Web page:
Understanding Mental Health disorders

Suicidal ideation and screening are critical in an environment, be it professional or personal. Statistics show that at least 1 in 4 people (25%) is experiencing some mental health issue, with additional 50% of the population having some level of distress, overwhelm, rumination and struggling through life. Anxiety and depression are the most common types of mental health disorders and causes are multifactorial from genetical predispositions to neurobiological and social factors.

Suicidal ideation is a combination of long-lasting strain, depletion of resources and increasing despair. One can traverse from anxiety into eating disorders or depression (these are common co-morbidities and the most often disorders associated with suicide) and end in suicidal ideation and not only. Suicide is 4 times more likely to cause death than a traffic accident, it causes 2-3 deaths per day and is committed 3 times more often by male than females aged prevalently 40 to 59 years of age.

Spotting early signs

Mood:

  • Feeling hopeless or trapped – discouraged/ displaying disinterest in activities or tasks that previously were of interest.
  • Having mood swings: depressed, sad, or explosive/ irritable, occasionally euphoric
  • Might include misuse of drugs or substances.
  • Rumination, self-talk

Physical

  • Change in eating and sleeping habits (digestion problems, stomach aches, nausea, weight gain or loss and insomnia or issues getting up)
  • Limited mobility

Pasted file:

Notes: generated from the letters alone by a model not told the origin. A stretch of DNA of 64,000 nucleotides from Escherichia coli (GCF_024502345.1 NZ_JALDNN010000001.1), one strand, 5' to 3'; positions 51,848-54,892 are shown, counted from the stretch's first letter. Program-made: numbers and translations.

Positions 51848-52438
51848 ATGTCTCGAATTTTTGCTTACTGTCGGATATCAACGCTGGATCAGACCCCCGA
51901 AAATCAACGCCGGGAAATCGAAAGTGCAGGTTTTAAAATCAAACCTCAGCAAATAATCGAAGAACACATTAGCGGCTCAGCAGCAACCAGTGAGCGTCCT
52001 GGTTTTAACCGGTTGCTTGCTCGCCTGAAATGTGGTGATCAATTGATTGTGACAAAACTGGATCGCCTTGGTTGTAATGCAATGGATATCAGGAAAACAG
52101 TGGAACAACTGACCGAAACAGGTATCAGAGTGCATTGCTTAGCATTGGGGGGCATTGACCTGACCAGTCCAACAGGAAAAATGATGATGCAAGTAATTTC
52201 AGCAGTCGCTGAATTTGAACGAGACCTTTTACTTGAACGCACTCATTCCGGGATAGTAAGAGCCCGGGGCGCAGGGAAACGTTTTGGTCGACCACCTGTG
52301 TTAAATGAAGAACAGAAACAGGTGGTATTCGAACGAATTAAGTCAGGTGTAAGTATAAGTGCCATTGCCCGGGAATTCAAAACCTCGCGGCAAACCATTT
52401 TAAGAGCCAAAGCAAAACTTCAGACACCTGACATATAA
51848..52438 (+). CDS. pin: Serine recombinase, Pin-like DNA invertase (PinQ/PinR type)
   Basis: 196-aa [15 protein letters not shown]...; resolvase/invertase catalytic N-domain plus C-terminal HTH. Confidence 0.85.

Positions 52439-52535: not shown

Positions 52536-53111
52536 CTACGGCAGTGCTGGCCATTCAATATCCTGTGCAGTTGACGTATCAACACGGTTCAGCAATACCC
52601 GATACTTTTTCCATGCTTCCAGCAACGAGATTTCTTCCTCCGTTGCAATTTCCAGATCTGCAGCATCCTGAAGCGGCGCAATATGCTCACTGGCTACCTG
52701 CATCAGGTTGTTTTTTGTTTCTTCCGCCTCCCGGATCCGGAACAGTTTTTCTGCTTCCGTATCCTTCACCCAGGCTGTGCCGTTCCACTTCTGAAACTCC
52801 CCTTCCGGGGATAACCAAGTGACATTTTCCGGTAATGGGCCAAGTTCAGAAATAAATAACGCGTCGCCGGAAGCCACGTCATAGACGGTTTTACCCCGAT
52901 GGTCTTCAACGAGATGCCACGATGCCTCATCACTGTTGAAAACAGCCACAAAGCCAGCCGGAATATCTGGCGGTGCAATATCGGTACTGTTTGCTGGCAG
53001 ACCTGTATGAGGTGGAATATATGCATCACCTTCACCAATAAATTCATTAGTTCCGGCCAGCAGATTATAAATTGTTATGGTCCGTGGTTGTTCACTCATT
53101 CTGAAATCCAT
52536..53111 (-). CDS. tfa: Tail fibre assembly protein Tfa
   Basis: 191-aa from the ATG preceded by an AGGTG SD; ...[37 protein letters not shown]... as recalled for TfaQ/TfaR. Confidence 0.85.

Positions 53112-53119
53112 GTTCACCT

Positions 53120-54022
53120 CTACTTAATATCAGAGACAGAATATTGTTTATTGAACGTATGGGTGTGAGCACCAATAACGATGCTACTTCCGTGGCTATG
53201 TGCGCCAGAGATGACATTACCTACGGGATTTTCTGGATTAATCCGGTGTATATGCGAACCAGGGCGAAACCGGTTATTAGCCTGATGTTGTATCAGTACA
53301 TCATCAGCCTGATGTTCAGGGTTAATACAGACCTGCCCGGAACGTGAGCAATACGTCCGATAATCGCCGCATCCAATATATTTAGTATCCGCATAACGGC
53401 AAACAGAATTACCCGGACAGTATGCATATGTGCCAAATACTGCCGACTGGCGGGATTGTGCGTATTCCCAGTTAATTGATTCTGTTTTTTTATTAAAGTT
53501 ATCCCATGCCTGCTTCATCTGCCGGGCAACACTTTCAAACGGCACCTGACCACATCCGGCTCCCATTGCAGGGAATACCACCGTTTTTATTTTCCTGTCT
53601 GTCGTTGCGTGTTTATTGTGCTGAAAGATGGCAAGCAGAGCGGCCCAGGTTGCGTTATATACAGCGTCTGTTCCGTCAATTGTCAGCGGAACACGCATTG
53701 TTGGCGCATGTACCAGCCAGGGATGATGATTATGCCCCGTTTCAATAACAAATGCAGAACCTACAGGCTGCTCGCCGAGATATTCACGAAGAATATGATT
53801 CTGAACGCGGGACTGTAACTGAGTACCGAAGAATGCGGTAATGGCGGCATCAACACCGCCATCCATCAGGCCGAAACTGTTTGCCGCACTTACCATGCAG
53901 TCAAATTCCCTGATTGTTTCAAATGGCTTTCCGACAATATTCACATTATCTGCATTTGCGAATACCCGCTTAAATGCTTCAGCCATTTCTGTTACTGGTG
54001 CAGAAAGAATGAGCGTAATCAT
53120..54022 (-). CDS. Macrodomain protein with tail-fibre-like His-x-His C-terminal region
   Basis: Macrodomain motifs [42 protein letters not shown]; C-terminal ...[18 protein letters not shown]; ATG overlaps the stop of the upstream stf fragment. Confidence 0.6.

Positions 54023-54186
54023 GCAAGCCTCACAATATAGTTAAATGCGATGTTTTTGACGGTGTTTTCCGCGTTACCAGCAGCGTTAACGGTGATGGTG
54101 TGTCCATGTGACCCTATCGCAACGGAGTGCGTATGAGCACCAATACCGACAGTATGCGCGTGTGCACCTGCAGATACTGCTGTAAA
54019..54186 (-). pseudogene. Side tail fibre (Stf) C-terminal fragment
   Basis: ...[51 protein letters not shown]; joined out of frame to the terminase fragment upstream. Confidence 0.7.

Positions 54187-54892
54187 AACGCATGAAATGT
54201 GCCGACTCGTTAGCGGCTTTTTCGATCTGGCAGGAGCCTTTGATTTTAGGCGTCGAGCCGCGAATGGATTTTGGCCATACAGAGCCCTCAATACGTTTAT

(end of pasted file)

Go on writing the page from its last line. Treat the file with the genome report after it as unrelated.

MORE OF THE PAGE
• Exhaustion
  • Pain in the chest
  • Headache
  • Neglectful appearance (clothes, personal hygiene)

Performance

  • Reduced productivity and interest in performing daily tasks, loss of motivation
  • Absenteeism or on the contrary too much presence and long hours
  • Loss of focus / concentration
  • Forgetfulness

Relationships

  • Mistrust
  • Causes conflicts.
  • Disrespectful or overly cynical and negative
  • Sensitive to difficult conversations or criticism
  • Wanting to isolate and be alone (old or lonely), talking about being a burden

Suicide risk (professional) screening

In my efforts to document this topic, I identified 2 suicide risk assessment scales, considered the “gold standard”:

C-SSRS is endorsed by the CDC, FDA and several US government agencies, it is also translated into several other languages and can be used for free.

Beyond the items in the above scales (which aim at the absence/presence of suicidal ideation, self-aggression and suicide plans), an assessment of the risk of suicide would also include (in a clinical interview) the motivation: (https://www.cdc.gov/suicide/factors/index.html )

  • Bullying or other community violence, discrimination, lack of social integration, stigma
  • Family history of suicide or existing trauma
  • High conflict or violent relationships
  • Perceived loss, grief, pain, suffering for not being seen, understood.
  • financial or access to health care system concerns

https://medlineplus.gov/lab-tests/suicide-risk-screening/

Who else is at risk of suicide?

  • People who have previously tried to take their lives
  • People with depressions or use of substances (alcohol, drugs)
  • People suffering from emotional distress (loss of loved ones, break-up, rejection)
  • People suffering from illness and chronic pain
  • People who have been experiencing violence, trauma, abuse, discrimination or exposed to war
  • Socially isolated

It is important in this exploration to understand where the desire to die is coming from, what is the meaning of death

  • To inflict suffering on someone else, to punish them, revenge, restitution
  • To escape the pain, flight into sleep, a new life (as this one is too painful)
  • Rescue, rebirthing, reunification

Supporting employees or close people